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Amazon drivers say background checks discriminate against minorities

A group of black and Latino former drivers for Amazon have filed a lawsuit in Suffolk Superior Court, alleging that Amazon discriminated against them when it fired them based on a background check policy.

The drivers claim that in 2016, Amazon began implementing an overly strict background check policy. This new policy caught old and minor offenses and did not take into account a driver’s current job performance. It then fired many drivers, who were disproportionately black and Latino, based on the results of those background checks.

“Amazon’s decision to fire them had nothing to do with their ability to perform the job, but was based solely on an overly strict background check policy,” said Oren Sellstrom of Lawyers for Civil Rights, who is representing the drivers along with an attorney from Fair Work, in a statement. “That is not only poor business practice, it also violates federal and state anti-discrimination laws.”

The six plaintiffs all worked for Amazon in 2016, generally for a period of months, before they were fired based on the results of background checks.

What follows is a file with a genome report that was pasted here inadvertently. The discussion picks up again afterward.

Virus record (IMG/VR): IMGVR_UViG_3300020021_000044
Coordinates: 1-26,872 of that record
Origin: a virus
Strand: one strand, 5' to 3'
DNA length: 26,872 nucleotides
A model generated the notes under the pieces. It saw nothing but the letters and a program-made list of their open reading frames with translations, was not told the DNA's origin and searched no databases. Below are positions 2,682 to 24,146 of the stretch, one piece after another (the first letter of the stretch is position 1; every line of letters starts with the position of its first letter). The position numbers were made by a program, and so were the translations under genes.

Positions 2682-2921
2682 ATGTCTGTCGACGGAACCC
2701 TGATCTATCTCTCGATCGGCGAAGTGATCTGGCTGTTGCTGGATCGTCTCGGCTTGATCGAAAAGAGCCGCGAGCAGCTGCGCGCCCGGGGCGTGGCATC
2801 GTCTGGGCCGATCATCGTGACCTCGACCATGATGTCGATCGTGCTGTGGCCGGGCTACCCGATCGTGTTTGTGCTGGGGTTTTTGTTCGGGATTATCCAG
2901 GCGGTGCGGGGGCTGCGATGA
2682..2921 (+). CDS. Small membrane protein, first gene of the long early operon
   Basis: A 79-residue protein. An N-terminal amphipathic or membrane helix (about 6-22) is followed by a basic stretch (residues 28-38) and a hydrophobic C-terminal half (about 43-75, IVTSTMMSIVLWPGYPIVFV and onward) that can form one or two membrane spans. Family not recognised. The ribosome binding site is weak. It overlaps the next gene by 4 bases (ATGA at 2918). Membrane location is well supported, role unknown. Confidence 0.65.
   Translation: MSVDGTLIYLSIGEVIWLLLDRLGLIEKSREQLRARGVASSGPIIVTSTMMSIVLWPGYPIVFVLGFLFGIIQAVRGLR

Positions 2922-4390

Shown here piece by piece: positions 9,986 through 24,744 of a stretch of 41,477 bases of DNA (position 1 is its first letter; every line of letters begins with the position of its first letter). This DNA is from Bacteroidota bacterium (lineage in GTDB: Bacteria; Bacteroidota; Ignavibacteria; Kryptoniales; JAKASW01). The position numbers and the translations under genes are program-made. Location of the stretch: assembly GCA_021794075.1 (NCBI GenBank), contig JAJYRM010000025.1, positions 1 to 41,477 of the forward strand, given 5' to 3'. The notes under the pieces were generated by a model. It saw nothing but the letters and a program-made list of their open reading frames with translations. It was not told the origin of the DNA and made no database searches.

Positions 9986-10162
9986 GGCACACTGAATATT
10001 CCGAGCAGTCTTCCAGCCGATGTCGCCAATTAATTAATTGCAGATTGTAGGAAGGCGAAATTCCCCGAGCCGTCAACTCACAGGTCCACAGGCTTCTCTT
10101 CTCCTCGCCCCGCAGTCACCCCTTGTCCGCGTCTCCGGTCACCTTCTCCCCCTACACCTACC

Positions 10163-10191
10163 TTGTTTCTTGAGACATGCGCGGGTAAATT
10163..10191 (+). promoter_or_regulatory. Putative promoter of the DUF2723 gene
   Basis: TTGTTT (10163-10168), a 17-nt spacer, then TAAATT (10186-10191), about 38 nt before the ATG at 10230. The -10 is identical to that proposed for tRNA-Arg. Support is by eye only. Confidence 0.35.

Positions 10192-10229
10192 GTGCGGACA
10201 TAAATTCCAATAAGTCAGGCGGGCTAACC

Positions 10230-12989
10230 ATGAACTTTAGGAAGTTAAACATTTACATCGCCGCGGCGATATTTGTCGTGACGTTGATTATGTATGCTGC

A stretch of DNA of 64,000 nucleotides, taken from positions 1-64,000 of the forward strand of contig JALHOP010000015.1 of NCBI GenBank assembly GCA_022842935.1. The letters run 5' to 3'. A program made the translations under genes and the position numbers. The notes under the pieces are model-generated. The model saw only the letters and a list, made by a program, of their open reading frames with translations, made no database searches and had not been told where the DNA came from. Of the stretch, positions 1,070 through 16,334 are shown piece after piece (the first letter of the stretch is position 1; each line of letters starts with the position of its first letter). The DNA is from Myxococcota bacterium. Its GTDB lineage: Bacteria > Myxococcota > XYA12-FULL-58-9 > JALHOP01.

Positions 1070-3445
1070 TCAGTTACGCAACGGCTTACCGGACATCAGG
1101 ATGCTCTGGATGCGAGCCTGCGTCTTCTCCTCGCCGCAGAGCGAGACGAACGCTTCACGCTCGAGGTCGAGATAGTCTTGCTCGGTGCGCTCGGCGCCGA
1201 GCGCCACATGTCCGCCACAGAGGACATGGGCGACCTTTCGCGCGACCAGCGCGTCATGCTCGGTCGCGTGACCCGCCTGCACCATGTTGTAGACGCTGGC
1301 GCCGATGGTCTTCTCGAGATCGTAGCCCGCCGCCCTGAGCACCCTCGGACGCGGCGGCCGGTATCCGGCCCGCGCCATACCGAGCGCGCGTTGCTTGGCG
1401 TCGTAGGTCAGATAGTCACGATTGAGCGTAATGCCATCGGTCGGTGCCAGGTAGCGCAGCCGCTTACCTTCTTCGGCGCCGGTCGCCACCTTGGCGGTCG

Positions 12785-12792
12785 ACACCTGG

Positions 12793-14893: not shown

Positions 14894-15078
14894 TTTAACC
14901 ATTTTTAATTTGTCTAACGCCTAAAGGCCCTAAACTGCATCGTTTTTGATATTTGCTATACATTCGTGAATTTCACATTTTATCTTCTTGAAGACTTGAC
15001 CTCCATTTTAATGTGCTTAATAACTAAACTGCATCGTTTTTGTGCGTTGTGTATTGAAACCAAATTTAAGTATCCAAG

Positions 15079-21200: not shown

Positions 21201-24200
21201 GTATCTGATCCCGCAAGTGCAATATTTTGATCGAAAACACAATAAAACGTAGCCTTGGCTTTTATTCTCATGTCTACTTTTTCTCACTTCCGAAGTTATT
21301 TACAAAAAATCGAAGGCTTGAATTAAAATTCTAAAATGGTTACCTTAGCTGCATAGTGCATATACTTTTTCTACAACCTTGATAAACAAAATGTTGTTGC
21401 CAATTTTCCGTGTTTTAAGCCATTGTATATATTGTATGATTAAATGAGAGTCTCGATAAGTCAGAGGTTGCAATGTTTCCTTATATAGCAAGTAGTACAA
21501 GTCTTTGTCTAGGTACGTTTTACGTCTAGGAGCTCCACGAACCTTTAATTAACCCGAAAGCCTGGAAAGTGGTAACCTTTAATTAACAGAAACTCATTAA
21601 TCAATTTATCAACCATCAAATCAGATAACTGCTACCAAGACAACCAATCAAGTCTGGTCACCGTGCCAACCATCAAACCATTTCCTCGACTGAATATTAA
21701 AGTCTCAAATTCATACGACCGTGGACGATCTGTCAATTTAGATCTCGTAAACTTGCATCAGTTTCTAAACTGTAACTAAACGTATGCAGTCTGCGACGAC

Matthew Soler, a Latino, had been delivering packages for Amazon for 60 to 70 hours a week when he was terminated for an old charge of driving after a license suspension. His license was reinstated more than four years before he was fired from Amazon, according to his lawyers.

Amazon spokesman Ernesto Apreza said in an email that the company has a longstanding practice of not commenting on pending litigation. “That said, safety and customer trust are our top priorities, which is why we have always required delivery service providers to conduct comprehensive background checks for their employee drivers,” Apreza said.

“The background check process is focused on job related criminal and motor vehicle convictions and does not consider race, gender, ethnicity, religion or other protected characteristics.”

The drivers hope a judge will grant their suit class-action status.

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